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Friday, January 15, 2010

Ed bill passes


It doesn't do much for real change but it is a slim amount better. A very slim amount. That is my criteria for support. I voted for it. The federal money was never a factor for me.

1 comment:

  1. McCluskey, who is associate director of
    the Cato Institute’s Center for Educational
    Freedom, is no fan of Race to the Top, for
    good reason. As he noted of this supposed
    incentive, “The money is a one-shot deal
    — once paper promises are accepted and
    the money delivered, it’s over.” He went on:
    Mostly this plan, while not requiring
    any real reform, pushes an unprecedented
    centralization of education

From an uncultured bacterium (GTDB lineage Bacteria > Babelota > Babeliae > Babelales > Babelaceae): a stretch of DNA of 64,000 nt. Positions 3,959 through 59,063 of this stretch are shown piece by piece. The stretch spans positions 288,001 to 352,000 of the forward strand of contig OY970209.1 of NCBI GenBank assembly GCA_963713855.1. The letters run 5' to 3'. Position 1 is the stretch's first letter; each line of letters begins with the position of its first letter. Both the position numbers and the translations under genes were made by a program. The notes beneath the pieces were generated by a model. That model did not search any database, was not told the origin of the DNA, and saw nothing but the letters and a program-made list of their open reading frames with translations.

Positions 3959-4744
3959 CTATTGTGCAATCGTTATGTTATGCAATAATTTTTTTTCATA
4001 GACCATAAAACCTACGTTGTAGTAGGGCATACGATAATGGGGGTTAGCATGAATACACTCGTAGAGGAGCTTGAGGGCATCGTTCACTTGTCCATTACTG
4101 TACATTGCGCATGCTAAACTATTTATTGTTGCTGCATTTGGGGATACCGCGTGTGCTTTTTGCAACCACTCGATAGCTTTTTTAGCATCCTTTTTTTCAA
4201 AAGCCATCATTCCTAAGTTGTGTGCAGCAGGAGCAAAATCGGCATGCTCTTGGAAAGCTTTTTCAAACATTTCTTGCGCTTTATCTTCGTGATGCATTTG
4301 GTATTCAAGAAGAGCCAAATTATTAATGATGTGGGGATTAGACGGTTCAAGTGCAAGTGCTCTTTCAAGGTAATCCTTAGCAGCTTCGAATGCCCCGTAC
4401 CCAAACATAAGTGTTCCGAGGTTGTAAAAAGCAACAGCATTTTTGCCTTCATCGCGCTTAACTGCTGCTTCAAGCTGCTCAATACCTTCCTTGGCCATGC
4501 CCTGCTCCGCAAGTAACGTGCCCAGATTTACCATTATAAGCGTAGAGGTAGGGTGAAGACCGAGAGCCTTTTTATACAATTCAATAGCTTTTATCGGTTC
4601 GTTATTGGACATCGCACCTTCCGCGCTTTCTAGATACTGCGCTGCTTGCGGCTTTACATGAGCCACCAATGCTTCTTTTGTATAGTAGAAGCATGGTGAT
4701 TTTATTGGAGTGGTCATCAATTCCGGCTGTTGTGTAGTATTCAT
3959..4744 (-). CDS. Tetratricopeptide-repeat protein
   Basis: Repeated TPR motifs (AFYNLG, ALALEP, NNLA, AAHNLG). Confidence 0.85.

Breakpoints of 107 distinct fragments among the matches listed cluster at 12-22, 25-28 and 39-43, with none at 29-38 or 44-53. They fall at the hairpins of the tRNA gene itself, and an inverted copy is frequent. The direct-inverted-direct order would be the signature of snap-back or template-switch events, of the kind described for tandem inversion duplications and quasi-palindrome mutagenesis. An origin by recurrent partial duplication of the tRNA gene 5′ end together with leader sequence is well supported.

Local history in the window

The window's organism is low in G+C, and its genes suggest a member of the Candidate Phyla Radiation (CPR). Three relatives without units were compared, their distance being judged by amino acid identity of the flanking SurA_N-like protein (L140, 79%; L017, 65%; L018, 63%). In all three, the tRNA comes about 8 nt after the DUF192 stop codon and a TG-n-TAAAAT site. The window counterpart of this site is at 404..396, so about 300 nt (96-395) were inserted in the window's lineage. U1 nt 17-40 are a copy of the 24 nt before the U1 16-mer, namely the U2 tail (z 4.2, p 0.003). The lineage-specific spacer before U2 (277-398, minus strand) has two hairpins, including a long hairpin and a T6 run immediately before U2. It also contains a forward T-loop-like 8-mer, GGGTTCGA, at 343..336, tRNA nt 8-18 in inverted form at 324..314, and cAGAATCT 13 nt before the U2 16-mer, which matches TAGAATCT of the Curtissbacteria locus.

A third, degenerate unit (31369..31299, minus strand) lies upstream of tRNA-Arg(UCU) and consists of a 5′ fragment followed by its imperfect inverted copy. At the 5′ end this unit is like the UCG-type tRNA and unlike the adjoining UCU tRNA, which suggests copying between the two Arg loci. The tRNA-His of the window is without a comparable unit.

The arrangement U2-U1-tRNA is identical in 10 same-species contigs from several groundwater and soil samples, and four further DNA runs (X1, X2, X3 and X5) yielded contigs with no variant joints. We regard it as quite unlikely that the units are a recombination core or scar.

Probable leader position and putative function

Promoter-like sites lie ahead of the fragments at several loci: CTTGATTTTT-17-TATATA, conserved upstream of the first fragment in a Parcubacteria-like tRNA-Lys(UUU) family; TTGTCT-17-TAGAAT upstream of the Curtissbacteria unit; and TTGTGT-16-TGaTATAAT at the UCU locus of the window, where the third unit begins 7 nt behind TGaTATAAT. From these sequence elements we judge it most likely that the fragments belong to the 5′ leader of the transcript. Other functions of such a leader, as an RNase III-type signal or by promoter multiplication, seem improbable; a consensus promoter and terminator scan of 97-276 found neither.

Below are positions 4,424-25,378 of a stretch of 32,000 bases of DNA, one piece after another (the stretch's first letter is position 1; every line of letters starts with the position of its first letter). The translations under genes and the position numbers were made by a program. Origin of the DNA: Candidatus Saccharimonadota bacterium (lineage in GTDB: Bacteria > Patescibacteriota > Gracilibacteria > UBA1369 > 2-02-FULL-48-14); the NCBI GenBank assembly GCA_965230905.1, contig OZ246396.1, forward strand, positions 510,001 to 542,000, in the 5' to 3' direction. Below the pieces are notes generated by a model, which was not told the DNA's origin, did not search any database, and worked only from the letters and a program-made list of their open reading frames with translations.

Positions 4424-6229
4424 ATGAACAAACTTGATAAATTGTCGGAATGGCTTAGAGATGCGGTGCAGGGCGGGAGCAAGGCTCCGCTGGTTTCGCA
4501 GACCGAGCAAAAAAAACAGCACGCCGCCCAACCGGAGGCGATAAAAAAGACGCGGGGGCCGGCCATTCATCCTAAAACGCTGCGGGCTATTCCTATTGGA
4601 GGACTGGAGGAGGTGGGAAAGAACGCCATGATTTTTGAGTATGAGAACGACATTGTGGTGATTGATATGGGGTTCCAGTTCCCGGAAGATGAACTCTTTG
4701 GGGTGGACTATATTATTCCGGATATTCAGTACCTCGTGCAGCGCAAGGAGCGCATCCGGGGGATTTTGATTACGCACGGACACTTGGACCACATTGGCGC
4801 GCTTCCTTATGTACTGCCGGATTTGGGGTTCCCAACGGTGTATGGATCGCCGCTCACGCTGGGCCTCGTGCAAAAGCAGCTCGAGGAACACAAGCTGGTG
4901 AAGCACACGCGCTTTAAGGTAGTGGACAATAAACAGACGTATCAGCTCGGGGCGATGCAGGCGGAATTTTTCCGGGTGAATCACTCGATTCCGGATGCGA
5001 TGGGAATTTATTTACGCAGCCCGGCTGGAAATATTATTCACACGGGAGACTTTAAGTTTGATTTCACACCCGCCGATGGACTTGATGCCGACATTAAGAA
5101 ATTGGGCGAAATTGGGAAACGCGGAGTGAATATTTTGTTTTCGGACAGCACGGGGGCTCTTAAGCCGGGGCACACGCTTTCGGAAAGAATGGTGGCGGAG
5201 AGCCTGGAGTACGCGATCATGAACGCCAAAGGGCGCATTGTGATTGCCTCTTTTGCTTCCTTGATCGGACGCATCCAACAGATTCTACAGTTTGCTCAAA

power. It calls for state data systems to
    track students from pre-kindergarten
    to college graduation. It calls for states
    to sign onto “common” — meaning
    federal — standards. It tries to dictate
    state budgets. In other words, it does
    exactly what’s been wrong with American
    education for decades: centralize
    power in the hands of ever more distant,
    unaccountable bureaucrats rather
    than leaving it with the communities,
    and especially parents, the schools are
    supposed to serve.
    There is little that is new about this “race”
    being pushed by the Department of Education
    and White House except the number
    of tax dollars that will be scattered from
    Washington. The spendthrift politicians
    and all-too-amenable federal bureaucrats
    are just trying to keep the greenbacks flowing
    effortlessly into the pockets of their
    allies while they disguise the truth: True
    education is not received, it is achieved.


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